Free and Forced Changes of the Surface Atmospheric Circulation and Storminess Extremes over the last 140 years

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Wednesday, 7 January 2015: 9:00 AM
121BC (Phoenix Convention Center - West and North Buildings)
Prashant D. Sardeshmukh, CIRES, Univ. of Colorado and Physical Sciences Division/ESRL/NOAA, Boulder, CO; and G. P. Compo, C. Penland, and C. McColl

To gain a clearer understanding of natural versus forced changes of the near-surface climate and storminess over the last 140 years, we have investigated large ensembles of three distinct types of observational datasets and model simulations of the 1874 to 2010 period. The first type is a 56-member ensemble of global atmospheric observational reanalyses at 6-hourly resolution, the 20CRv2 dataset. The second type of dataset, that we refer to as the AMIP20C dataset, is a 56-member ensemble of atmospheric GCM simulations of the 1874 to 2010 period generated by us using the same NCEP AGCM used to produce the 20CRv2 dataset, and with identical specifications of time-varying SST, sea ice, and radiative forcings. The third dataset type is a multi-model ensemble of 62 CMIP5 coupled climate model simulations of the same 1874 to 2010 period with observed radiative forcings, downloaded from the PCMDI archive at daily resolution.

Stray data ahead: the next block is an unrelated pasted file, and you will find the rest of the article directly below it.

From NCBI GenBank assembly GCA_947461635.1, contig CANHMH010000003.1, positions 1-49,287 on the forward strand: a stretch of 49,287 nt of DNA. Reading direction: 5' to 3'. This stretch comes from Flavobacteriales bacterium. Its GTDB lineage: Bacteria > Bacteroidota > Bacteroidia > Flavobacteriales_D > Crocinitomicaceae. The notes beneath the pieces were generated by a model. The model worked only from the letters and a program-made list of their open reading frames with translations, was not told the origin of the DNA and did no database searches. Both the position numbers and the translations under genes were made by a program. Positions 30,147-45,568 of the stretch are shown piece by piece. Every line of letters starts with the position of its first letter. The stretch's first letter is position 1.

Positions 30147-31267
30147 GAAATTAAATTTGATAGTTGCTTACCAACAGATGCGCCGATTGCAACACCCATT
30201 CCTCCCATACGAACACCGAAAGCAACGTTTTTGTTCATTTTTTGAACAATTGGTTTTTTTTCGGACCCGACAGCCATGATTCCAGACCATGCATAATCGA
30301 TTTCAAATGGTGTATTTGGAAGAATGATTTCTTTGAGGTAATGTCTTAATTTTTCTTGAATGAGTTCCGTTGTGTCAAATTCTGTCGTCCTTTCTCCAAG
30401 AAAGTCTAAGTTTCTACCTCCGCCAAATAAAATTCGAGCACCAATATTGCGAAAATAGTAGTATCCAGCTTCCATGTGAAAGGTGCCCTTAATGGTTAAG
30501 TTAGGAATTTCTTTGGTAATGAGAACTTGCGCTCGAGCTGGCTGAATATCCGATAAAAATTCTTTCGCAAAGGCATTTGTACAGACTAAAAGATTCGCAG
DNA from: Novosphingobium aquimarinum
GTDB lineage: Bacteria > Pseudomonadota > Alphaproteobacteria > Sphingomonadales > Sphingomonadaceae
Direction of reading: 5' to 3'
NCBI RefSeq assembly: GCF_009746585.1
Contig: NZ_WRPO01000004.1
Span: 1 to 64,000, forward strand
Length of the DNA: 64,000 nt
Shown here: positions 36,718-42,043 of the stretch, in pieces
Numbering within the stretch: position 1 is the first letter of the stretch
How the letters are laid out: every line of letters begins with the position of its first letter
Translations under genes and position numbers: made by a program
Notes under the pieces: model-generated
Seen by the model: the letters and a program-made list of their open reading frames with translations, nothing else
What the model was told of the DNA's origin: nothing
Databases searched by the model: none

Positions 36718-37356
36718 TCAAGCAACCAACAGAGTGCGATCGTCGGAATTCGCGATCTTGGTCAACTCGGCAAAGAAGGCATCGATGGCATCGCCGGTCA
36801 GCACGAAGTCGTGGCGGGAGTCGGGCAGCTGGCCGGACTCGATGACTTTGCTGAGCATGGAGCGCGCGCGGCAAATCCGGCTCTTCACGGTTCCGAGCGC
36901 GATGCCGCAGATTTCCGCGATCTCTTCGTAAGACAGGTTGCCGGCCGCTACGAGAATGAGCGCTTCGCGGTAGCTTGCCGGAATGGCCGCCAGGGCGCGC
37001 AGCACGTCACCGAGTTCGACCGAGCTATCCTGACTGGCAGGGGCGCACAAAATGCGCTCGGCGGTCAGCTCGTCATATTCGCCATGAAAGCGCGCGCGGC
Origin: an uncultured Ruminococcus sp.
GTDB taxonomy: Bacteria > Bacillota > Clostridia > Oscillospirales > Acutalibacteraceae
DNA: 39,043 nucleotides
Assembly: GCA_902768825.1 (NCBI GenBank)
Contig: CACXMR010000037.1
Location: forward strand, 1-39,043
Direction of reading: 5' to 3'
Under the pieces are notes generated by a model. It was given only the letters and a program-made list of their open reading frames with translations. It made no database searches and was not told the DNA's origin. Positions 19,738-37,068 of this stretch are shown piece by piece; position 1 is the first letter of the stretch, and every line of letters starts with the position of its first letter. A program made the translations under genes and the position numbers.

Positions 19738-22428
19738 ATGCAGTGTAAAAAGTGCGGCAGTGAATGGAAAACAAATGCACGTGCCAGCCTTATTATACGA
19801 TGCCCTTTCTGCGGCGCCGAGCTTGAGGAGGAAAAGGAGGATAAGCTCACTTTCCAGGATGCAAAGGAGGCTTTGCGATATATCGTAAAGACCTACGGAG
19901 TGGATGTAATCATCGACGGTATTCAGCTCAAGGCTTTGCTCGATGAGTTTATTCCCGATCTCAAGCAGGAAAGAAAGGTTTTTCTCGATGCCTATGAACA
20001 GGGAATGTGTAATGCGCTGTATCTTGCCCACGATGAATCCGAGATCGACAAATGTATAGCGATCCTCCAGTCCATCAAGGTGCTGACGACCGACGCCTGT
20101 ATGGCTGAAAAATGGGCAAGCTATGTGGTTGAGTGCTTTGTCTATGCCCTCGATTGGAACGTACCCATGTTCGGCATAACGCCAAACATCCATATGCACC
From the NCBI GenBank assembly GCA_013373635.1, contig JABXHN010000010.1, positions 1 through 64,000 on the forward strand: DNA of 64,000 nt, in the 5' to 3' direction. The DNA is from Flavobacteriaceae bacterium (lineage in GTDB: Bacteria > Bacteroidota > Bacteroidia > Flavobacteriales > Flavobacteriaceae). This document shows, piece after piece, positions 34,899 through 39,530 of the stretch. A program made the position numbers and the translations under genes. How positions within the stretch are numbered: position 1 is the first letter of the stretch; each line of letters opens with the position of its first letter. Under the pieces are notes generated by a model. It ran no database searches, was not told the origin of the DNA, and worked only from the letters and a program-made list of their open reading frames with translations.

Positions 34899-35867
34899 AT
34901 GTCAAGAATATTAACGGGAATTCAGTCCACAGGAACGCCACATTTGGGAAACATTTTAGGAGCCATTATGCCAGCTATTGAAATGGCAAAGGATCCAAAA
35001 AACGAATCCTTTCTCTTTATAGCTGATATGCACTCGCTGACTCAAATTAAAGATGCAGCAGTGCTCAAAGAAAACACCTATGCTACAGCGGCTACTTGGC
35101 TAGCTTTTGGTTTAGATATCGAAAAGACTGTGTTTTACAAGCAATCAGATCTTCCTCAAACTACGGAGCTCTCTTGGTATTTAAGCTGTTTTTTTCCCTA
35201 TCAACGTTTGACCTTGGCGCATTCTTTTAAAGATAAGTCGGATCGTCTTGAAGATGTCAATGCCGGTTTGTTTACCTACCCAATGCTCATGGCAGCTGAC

These three types of datasets enable cleaner separations of the radiatively forced versus internal natural climate variations than previously possible. We do this by interpreting the long-term variability in the 20CRv2 observational dataset as a combination of internal chaotic, SST-forced, and radiatively forced variations; the variability of the ensemble-mean responses in the AMIP20C simulations as a combination of responses to natural and radiatively forced SST variations; and the variability of the multi-model ensemble (MME) mean responses in the CMIP5 simulations as responses to radiative forcing variations.

The most important result from this study is that the observed trends in many circulation variables evident over the second half (1943-2010) of the record are much weaker or non-existent when considered over the full record (1874-2010). The weak longterm circulation trends are associated with even weaker longterm storminess trends (where storminess is defined at each gridpoint as the r.m.s. of 24-hr SLP differences). These results have important implications for the atmospheric circulation response to global warming, and cast doubt on inferences about this response drawn in many studies from considering only the second half (or an even shorter subset) of the record. Consistent with the weak observed longterm circulation trends, the longterm trends in the ensemble-mean AMIP20C and MME-mean CMIP5 simulations are also weak over most of the globe, except in the extratropical southern hemisphere. In the extratropical northern hemisphere, not just the long-term MME-mean trend but even the MME-mean multidecadal variations are weak.